6b Thorax greenish with brown stripes, pits normal; inferior volsella of male not swollen Chironomus magnivalva
7a(5b) Wing length greater than 5 mm; anterior tarsi of males bearded 8a
7b Wing length less than 5 mm; anterior tarsi of males bearded or unbearded 10a
8a(7a) Distributed on east of the continent, including Tasmania 9a
8b Distributed on the west of the continent, including Northern Territory Chironomus occidentalis
9a(8a) Mid femur more than 1.12 x the anterior femur (likely to be) Chironomus duplex
9b Mid femur shorter than the anterior femur (likely to be) Chironomus australis
10a(7b) Blackish species.  Male with bearded anterior tarsi and spatulate superior volsella Chironomus 'timmsi'
10b Paler species, at most brown.  Male tarsi not bearded 11a
11a(10b) Thorax pale, anterior femur and tibia pale, tarsi with dark pattern 12a
11b Thorax pale to brown, legs unbanded (mainly members of the 'C. alternans' group) 13a
12a(11a) Tarsi darkened at both apex and base, anal point tubular Chironomus javanus
12b Tarsi darkened only at distal ends, anal point larger and narrowed at base, LR above 1.80, anterior tarsus 5 at least 0.35 times the length of the tibia, SV often beaked Chironomus nr. samoensis
13a(11b) Wing length over 4 mm.  Chironomus 'tyleri' (AR 2.9-3.2), abdomen greenish with narrow saddle markings, extending in length from 5th tergite to occupy most of segment by 8th tergite; Chironomus cloacalis in part.(AR 3.3-4.25), abdominal tergites generally dark with pale posterior band, but may have saddle spots.

          Wing length less than 4 mm.
Chironomus cloacalis mostly (AR 3.3-4.25), etc.; C. oppositus (type AR 3.6); C. maddeni (AR 2.5-2.9); C. 'jacksoni' (AR 2.4-3)

Chironomus 'februarius' (Abdominal tergites may be as C. cloacalis, or may have dark band across the centre of the segment; AR 2.9 - 3.4; LR 1.56 - 1.65.), Chironomus 'pseudoppositus' (Abdominal tergites as in C. cloacalis AR 2.5 - 3.1; LR 1.5 - 1.8; superior volsella less curved than in other members of the oppositus-group)
Abdomenal tergites with saddle spots: Chironomus oppositus (LR 1.5 - 1.8; wing length 2.8 - 3.6, Chironomus maddeni (AR 2.55 - 2.86; LR 1.6 - 1.8; wing length 2.4 - 3.36 mm), Chironomus 'jacksoni' (AR 2.4 - 3; LR ); Chironomus 'tyleri' (AR 2.9 - 3.2; LR 1.53 - 1.66; wing length 4.3 - 4.5 mm).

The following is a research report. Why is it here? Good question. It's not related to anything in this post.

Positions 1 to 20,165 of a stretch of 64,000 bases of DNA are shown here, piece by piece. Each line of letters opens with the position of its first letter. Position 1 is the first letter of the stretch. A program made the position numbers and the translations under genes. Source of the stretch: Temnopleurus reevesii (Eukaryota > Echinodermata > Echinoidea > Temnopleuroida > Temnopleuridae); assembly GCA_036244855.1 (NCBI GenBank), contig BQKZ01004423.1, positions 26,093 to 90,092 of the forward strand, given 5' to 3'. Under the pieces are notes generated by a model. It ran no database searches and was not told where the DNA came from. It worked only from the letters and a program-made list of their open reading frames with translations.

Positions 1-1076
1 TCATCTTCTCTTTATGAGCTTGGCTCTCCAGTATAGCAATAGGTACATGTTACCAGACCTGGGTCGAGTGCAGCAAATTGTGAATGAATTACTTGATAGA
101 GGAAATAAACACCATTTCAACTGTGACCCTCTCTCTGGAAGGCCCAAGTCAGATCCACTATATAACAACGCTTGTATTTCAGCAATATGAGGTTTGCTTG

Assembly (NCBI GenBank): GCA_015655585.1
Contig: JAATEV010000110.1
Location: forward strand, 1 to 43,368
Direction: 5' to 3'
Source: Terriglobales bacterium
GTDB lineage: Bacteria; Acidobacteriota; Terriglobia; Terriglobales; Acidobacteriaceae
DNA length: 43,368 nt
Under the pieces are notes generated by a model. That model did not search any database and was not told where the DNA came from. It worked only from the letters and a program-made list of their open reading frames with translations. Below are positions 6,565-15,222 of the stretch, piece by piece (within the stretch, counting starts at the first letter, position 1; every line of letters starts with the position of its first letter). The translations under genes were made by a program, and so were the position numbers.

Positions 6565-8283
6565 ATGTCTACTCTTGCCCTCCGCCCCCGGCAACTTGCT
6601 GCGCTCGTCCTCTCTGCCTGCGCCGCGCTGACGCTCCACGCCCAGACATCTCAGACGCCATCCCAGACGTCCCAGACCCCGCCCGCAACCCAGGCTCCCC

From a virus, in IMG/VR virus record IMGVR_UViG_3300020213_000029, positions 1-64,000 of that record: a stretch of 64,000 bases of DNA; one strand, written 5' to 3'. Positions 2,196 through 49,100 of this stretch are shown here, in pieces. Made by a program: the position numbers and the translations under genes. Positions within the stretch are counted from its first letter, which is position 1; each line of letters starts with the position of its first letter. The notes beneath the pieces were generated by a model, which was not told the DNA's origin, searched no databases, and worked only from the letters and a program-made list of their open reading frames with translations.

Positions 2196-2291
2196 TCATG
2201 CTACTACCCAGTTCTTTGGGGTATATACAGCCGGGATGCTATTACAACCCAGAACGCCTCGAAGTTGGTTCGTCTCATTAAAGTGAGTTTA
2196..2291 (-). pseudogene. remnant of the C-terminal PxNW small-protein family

- need to be inserted at 8.
Norfolk Island species: Species 1 may be near C. samoensis, superior volsella closest to Strenzke's type D(d), LR about 1.54 (i.e. lower than C. nr. samoensis, but in range of C. samoensis itself).
Species 2 has an superior volsella that is closest to Strenke's type D(f), but appears to have a flattened end. LR about 1.27.

2. Larval types and Karyotypes

In the following descriptions, reference is made to the mentum and mandible types originally devised by Webb & Scholl (1985), Vallenduuk & Moller Pillot (1997), and Proulx et al. (2013).  These classifications were made for relatively small numbers of species, but with the much larger number of species, such as in the North American fauna, they do not cover all the variability seen in these characters and so further modification has been necessary.

The MENTUM TYPE is defined only by the degree of development of the 4th lateral teeth:

Type I - height in same line as the rest of the lateral teeth;
Type II - 4th laterals reduced, height about equal to that of the 5th laterals;
Type III - 4th laterals further reduced, height less than that of the 5th laterals.

The mentum may be further classified by the characters of the CENTRAL TRIFID TOOTH:
Type IA - c2 teeth only partially separate from c1, i.e. as shoulders on c1 (figure a).
Type IB - c2 teeth slightly more separated (figure b).
Type IIA - c1 broad, c2 teeth distinctly separated (figure c).
Type IIB - c1 very broad, c2 less separated (figure d).
Type III - c1 tooth relatively narrow and much higher than the separated c2 teeth (figs e and f).
Type IV - c2 teeth well separated, not much lower than the relatively narrow c1 tooth (figs g and h).

The MANDIBLE TYPE is defined by the degree of darkening and separation of the 3rd inner tooth:
It seems better to consider the two characters separately.

This figure shows IA; IIB; IIIC respectively

Type I - tooth fused
Type II - tooth partially free
Type III - tooth completely separated
Type A - tooth pale
Type B - some degree of pigmentation
Type C - as dark as other inner teeth

VENTROMENTAL PLATE RATIO - ratio of the width of the marginal region of ventromentum (usually seen as a granular band under light microscopy) (a in figure below) to the distance from the anterior margin to the base of the striae (b in figure below).

VMR = a/b